Sleep makes you feel better, but its importance goes way beyond just boosting your mood or banishing under-eye circles. Adequate sleep is a key part of a healthy lifestyle, and can benefit your heart, weight, mind, and so much more.
A recent survey found that more people are sleeping less than six hours a night, and sleep difficulties visit 75% of us at least a few nights per week. A short-lived bout of insomnia is generally nothing to worry about. The bigger concern is chronic sleep loss, which can contribute to health problems such as weight gain, high blood pressure, and a decrease in the immune system’s power, reports the Harvard Women’s Health Watch.
While more research is needed to explore the links between chronic sleep loss and health, it’s safe to say that sleep is too important to shortchange.
Why is sleep important and what happens if we don’t get enough?
- Your body mass index (BMI) could increase. It’s been proven that sleep deprivation increases your appetite which leads to a greater likelihood of obesity
- There is an increased risk of diabetes, heart problems and psychiatric conditions
- Your ability to pay attention, react to signals or learn new things is reduced
- There is a higher chance that you could fall asleep at the wheel while driving and be in an accident
Benefits of Adequate Sleep
Your mind is surprisingly busy while you snooze. During sleep you can strengthen memories or “practice” skills learned while you were awake (it’s a process called consolidation).
Too much or too little sleep is associated with a shorter lifespan—although it’s not clear if it’s a cause or effect (illnesses may affect sleep patterns too).
In a 2010 study of women ages 50 to 79, more deaths occurred in women who got less than five hours or more than six and a half hours of sleep per night.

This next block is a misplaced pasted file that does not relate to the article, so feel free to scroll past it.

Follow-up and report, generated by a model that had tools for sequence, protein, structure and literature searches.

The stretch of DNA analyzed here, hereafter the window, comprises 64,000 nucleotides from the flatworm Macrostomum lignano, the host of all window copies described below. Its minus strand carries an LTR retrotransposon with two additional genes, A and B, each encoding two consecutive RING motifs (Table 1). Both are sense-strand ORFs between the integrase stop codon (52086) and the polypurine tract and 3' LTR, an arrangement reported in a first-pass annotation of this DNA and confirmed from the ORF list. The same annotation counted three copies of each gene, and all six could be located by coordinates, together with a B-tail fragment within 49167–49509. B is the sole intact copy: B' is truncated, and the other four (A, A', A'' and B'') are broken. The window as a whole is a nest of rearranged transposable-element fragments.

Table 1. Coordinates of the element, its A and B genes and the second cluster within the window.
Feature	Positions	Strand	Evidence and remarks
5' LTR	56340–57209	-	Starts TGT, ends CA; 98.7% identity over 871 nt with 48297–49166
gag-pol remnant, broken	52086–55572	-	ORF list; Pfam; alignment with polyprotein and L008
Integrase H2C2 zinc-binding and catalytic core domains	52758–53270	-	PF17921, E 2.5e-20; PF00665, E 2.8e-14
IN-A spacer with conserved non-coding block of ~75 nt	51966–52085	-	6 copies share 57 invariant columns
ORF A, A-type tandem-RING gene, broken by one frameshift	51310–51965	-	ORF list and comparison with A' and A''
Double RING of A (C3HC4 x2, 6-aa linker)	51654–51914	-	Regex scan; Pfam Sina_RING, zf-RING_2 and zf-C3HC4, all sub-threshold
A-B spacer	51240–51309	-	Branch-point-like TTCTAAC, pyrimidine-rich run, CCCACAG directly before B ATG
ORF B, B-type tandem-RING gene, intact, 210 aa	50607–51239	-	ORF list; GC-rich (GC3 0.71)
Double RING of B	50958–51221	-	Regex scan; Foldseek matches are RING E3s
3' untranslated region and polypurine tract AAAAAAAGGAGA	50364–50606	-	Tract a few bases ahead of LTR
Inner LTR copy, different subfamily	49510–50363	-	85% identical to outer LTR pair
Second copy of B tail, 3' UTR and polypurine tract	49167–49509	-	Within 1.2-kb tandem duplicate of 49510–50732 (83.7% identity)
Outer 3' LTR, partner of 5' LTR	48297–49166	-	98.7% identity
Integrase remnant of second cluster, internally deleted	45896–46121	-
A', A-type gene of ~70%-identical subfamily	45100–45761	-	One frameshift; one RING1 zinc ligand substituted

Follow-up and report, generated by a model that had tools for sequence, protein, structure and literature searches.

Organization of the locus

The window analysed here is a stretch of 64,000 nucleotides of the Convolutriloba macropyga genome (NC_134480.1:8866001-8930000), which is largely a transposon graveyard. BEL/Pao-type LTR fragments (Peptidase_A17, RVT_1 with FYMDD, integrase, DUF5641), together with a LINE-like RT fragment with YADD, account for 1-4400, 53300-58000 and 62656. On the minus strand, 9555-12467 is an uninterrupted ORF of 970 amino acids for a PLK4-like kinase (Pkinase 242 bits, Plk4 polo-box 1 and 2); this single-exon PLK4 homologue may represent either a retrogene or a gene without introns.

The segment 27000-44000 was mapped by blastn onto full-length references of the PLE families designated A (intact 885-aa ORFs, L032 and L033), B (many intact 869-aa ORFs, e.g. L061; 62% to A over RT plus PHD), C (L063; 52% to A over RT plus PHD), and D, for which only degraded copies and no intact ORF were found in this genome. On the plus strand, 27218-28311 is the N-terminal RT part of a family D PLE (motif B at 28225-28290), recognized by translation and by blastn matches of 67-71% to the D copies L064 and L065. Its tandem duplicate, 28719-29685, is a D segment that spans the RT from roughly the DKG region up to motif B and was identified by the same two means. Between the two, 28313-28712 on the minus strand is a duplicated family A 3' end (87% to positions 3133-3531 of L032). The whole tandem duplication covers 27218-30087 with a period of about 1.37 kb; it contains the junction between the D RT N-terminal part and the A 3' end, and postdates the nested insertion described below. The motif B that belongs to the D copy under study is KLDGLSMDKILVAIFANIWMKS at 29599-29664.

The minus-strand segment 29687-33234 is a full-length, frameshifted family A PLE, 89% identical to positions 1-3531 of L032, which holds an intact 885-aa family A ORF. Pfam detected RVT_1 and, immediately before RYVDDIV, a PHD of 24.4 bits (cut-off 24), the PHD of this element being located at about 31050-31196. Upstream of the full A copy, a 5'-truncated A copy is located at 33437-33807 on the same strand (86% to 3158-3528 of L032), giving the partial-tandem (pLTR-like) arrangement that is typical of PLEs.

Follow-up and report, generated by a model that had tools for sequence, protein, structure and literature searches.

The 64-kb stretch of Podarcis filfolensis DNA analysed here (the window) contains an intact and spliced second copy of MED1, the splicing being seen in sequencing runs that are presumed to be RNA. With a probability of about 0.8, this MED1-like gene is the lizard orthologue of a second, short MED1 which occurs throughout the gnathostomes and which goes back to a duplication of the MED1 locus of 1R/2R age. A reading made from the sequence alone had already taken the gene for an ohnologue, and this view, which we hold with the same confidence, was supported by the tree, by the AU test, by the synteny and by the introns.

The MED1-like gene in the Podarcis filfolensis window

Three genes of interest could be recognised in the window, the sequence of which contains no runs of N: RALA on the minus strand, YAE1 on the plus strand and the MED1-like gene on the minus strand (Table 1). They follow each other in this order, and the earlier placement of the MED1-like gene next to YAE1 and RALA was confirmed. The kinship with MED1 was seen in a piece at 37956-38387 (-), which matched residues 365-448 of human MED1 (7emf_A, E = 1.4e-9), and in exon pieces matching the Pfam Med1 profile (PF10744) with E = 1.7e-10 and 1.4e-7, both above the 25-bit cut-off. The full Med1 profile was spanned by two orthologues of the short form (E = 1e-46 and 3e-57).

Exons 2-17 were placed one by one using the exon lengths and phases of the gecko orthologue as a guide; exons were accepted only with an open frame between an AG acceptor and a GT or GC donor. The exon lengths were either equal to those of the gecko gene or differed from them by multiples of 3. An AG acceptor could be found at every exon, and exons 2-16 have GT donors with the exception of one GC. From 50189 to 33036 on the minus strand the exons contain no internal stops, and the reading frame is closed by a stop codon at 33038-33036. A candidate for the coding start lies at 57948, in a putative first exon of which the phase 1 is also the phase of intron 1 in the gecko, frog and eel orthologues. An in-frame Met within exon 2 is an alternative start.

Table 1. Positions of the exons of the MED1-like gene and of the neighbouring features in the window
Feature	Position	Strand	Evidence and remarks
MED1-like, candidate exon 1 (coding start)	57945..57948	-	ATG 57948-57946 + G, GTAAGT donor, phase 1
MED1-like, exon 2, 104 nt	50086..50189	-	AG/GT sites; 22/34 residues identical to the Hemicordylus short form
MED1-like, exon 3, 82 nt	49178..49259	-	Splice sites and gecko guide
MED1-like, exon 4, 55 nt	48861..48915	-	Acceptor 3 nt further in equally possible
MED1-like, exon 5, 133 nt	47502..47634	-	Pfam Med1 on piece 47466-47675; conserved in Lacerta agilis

Sleep also affects quality of life.
Inflammation is linked to heart disease, stroke, diabetes, arthritis, and premature aging. Research indicates that people who get less sleep—six or fewer hours a night—have higher blood levels of inflammatory proteins than those who get more.
In addition to consolidating memories, or making them stronger, your brain appears to reorganize and restructure them, which may result in more creativity as well.
Improved Physical Performance
If you’re an athlete, there may be one simple way to improve your performance: sleep.
A Stanford University study found that college football players who tried to sleep at least 10 hours a night for seven to eight weeks improved their average sprint time and had less daytime fatigue and more stamina.
Maintain Healthier Weight
If you are thinking about going on a diet, you might want to plan an earlier bedtime too.
Researchers at the University of Chicago found that dieters who were well rested lost more fat—56% of their weight loss—than those who were sleep deprived, who lost more muscle mass. (They shed similar amounts of total weight regardless of sleep.)
Dieters in the study also felt hungrier when they got less sleep.
Tips to Better Sleep
If you’re suffering from lack of sleep, how do you improve it? Here are some tips:
- Try to go to bed at the same time and wake up at the same time. This applies to both children and adults
- Create a regular, relaxing bedtime routine such as having a bath, doing some stretching or listening to music before you go to bed
- Sleep in an environment that is dark, quiet and cool
- Buy a good quality mattress and pillows that you find comfortable
- Address any severe stress in your life whether it relates to work, relationships or anything else
- Keep technology out of the bedroom! TV should remain elsewhere in the house, as should computers and cellphones
- Eat a light dinner early, at least two hours before going to bed
- Find a form of exercise you like and do it regularly
- Avoid caffeine, alcohol and nicotine
Therapeutic Massage for Better Sleep
Two things occur when you get a massage which can help with sleep: a reduction in pain and tension in the body, and a gentler, more stable journey from wakefulness to sleep.
Sleep is a whole-body process that responds to changes in body chemistry coordinated with the circadian system. The system produces serotonin, a necessary ingredient for the production of the sleep-inducing substance, melatonin.
Research published in the International Journal of Neuroscience showed that people suffering from chronic pain enjoyed two benefits from massage: an increase in their serotonin levels as well as a decrease in long-term pain.
Interested in experiencing the great benefits of a therapeutic massage? Book a session today with one of OHP’s highly trained and experienced registered massage therapists.